Yes. I have read studies by Berkley and Stanford that studied the returns for those who invested on their own and compared them to those who used the services of a professional. The differences in returns amazed even me. Perhaps to further emphasize the need to get professional help, I quote Abraham Lincoln – “The lawyer who hires himself has a fool for a client.” Also, the IRS is constantly issuing updates and clarifications. Most likely your biggest asset will be your retirement account – these have very complex rules on how & what is taxed – a mistake with this can cost yourself and your heirs hundreds of thousands of dollars, and perhaps even millions.
What precautions do I need to take in today's uncertain economy?
It’s important to do several things. On the investment side of things, have your portfolio structured to maximize upside opportunities and minimize risk. As far as insurance is concerned, get your insurance today. So many people rely solely on the benefits they get through work. Life time jobs are no longer certain, so if you lose (or are lucky to find a better) job, you lose those benefits from the old job & the new one may not have equal benefits (or perhaps none at all). The cost of insurance is based on 2 things-your health and your age. Get it now while you still have the health to qualify and the age before it becomes too expensive.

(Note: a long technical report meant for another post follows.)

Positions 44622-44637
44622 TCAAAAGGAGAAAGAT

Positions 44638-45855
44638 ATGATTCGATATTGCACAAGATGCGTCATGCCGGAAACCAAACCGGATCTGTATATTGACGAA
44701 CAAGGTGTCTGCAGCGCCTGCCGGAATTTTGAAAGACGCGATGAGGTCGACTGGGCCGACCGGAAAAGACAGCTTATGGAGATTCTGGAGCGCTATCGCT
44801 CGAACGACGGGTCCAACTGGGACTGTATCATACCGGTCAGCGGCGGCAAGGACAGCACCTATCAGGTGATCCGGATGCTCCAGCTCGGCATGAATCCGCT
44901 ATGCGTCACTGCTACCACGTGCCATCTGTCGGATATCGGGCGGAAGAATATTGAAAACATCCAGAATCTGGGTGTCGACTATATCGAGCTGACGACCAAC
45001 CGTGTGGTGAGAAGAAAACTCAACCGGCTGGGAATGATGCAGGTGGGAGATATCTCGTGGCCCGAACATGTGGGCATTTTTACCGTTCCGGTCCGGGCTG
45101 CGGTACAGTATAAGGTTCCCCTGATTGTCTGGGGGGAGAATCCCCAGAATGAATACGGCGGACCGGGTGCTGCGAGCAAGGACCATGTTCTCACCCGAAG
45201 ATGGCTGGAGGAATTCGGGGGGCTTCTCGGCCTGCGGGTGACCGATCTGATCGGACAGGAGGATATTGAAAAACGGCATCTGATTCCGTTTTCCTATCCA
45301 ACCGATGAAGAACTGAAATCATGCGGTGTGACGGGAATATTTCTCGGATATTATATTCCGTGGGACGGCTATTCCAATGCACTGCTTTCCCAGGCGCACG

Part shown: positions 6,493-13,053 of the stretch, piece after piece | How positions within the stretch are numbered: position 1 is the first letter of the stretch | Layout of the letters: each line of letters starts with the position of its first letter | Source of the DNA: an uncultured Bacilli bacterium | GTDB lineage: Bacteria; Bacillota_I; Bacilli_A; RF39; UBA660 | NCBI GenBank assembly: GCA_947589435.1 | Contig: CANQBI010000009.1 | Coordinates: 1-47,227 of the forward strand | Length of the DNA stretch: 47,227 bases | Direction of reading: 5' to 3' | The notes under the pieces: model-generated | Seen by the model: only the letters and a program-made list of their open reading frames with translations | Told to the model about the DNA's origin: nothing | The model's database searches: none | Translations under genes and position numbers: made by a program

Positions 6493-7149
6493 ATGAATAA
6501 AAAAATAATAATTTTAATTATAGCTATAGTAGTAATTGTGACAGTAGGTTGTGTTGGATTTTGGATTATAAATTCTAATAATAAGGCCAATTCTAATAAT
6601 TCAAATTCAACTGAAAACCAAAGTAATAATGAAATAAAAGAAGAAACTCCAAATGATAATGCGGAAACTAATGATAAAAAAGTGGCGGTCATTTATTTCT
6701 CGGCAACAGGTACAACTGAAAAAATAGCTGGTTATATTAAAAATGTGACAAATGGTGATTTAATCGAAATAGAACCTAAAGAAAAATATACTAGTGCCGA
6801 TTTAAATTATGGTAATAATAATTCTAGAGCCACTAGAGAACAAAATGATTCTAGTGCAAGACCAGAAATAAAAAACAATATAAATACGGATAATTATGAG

When is the right time for me to start planning for retirement?
TODAY!!! For every 5 years you wait to start saving, you will have to save twice as much as the person that started 5 years before you. Warren Buffet has said that compound tax-deferred growth is the 8th wonder of the world. If you wait too long, time will work against you, not for you.
How much do I need to save for retirement?
This will vary depending on when you want to retire, where you want to retire, how much golf you want to play when you retire, and how much you have saved already. To give you a ballpark estimate and factoring in some inflation (and the uncertainty of Social Security), it could easily take $2 million or more to have a reasonable retirement.